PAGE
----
The purpose of this self-study was for the researcher to discover how beliefs about learning impact how assessment for learning practices are implemented in a classroom. In seeking to inform the study and her practice, the researcher examined the literature in the areas of assessment for learning, growth mindset and language through the lens of her research question: As a classroom teacher, how do my conversations about assessment and the assessment tools that I use reflect my beliefs about assessment for learning and growth mindset? The researcher’s sources of data were her researcher journal reflections, self-designed assessment tools and audio recordings of classroom talk. The analysis of this data resulted in three themes: accountability of students, mistake making and the student-teacher learning relationship. The researcher concluded there were three insights into these themes: the spirit of assessment for learning requires belief and practice to be aligned, classroom decisions around assessment need to be based on student best interests and teachers need to be intentional and explicit about their actions and classroom practices.
  • Item
    Discovering grit: getting gritty about making students grittier
    (Electronic version published by Vancouver Island University, 2016) Dyer, Jelena; Moll, Rachel
    Teachers have long wondered about what makes some students successful when others are not? They have experienced frustration when watching a student who is clearly intelligent – flounder and give up too easily. This paper seeks to find out what experiences make gritty students turn into gritty, successful adults. Angela Duckworth defines grit as, “Passion and perseverance to achieve very long-term goals.” (Duckworth, 2013) This study used the Short Grit Scale (Grit-S) and compared it against qualities discovered in the themes threaded throughout the literature concerning modern grit research. The five qualities this study sought to connect with grit were: belonging, ability, personal value, influence and growth mindset. The self-report survey completed by 241 participants, found that the perceived qualities of belonging and ability, and the mindset known as growth-mindset had a moderate effect on grittiness. The study found that a person’s perception on their own value and their ability to influence their own lives had a positive impact on their grit level. In the final chapter the researcher made some recommendations as to how teachers can apply the knowledge gained from this research into best teaching practice.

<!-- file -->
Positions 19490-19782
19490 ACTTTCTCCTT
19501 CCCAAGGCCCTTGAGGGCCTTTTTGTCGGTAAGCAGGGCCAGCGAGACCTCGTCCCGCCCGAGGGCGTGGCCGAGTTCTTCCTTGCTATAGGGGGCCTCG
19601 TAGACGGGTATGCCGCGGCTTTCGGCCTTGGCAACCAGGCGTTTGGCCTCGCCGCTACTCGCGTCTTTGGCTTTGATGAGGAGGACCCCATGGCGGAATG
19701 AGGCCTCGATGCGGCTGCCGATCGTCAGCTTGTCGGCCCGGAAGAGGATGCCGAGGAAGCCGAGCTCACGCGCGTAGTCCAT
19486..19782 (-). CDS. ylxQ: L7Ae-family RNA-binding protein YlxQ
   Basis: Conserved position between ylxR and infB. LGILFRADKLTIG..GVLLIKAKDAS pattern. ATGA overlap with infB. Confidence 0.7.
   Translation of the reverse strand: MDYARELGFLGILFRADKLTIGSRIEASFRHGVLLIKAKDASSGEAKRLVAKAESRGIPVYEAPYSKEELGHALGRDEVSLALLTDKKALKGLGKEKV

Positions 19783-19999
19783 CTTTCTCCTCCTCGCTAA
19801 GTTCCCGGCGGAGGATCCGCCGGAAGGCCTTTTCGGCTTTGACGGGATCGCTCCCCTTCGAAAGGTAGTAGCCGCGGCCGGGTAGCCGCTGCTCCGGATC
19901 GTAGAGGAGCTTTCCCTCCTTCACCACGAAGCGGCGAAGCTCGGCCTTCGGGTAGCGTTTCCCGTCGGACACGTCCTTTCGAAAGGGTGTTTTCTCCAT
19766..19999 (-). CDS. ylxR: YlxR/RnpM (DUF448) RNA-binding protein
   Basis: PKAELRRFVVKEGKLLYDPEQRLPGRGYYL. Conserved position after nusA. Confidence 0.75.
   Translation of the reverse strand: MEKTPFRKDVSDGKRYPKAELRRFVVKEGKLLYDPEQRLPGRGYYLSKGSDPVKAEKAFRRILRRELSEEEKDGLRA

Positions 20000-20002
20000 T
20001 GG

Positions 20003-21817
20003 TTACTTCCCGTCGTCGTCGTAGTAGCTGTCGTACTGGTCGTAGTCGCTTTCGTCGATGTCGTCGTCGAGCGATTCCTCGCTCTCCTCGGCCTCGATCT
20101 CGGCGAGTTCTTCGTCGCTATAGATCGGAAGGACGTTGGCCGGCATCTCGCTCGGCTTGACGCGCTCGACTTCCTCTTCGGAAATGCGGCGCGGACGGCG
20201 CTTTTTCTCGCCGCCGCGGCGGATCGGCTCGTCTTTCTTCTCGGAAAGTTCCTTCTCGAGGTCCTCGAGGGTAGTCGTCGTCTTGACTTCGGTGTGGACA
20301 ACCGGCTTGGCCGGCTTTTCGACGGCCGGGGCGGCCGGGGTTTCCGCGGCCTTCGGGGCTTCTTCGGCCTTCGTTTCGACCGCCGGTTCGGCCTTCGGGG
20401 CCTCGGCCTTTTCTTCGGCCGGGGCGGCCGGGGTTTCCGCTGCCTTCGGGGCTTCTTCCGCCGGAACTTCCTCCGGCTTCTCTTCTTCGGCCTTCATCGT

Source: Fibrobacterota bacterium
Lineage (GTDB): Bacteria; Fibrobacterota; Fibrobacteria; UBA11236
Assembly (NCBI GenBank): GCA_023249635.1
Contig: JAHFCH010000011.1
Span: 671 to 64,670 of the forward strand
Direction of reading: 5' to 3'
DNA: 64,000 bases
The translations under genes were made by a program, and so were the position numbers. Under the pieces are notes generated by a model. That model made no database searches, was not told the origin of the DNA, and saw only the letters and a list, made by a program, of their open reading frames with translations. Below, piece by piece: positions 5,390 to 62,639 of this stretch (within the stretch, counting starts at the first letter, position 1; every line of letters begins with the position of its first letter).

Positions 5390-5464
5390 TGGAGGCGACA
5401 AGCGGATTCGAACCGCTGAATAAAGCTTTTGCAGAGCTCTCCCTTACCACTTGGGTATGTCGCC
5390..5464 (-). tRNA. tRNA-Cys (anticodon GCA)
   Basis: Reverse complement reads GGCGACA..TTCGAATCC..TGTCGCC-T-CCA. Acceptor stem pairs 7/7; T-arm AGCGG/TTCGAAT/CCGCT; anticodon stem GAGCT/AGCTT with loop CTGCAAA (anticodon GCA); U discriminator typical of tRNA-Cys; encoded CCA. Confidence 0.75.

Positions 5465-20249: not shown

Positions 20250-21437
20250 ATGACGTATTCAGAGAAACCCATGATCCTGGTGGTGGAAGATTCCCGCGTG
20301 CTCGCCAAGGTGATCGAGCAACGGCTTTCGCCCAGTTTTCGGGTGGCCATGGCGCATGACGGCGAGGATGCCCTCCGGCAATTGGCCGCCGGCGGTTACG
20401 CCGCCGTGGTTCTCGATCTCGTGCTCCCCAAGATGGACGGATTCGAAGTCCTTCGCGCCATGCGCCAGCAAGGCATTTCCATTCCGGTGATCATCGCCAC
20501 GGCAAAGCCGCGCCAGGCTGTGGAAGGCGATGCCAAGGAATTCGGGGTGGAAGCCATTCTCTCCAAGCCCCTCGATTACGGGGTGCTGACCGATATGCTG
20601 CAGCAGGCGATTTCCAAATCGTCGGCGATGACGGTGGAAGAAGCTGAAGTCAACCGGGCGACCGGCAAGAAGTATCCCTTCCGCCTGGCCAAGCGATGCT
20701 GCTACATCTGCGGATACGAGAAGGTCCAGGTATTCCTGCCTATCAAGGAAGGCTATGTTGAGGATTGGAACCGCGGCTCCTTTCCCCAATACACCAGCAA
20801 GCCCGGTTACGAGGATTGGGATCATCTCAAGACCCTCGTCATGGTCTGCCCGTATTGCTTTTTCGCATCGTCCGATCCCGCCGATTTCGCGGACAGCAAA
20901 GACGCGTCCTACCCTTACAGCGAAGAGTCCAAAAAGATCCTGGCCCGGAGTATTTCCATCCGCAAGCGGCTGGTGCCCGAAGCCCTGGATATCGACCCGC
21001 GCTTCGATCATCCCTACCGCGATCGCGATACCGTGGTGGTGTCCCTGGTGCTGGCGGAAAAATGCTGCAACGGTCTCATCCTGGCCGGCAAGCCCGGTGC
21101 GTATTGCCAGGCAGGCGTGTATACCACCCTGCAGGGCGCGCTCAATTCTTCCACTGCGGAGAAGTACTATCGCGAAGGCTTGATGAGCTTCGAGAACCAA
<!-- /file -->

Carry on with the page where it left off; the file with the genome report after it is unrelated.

• Item
    Distributed leadership and the leader: designing a professional development course for private school principals of Calcutta, India
    (Electronic version published by Vancouver Island University, 2016) Kaur, Kuljit; Moll, Rachel
    This research project was prepared to explore the role of a leader in distributed leadership setting with an intention to prepare a Professional Development Course for principals of private schools of Calcutta. The course was based on the model of distributed leadership which I had prepared on the basis of the extensive research in the field of distributed leadership. The hierarchical leadership style that I had experienced as a teacher was the driving force behind the research project. In fact, it is believed that this course would be helpful in providing answers to the adverse effects of autocratic leadership style that I had experienced. It is believed that it would be helpful to provide a new window to the school principals to learn about (a) a new leadership style and (b) implementing the model of distributed leadership as per the needs of their respective schools with a view to bringing about overall school improvement.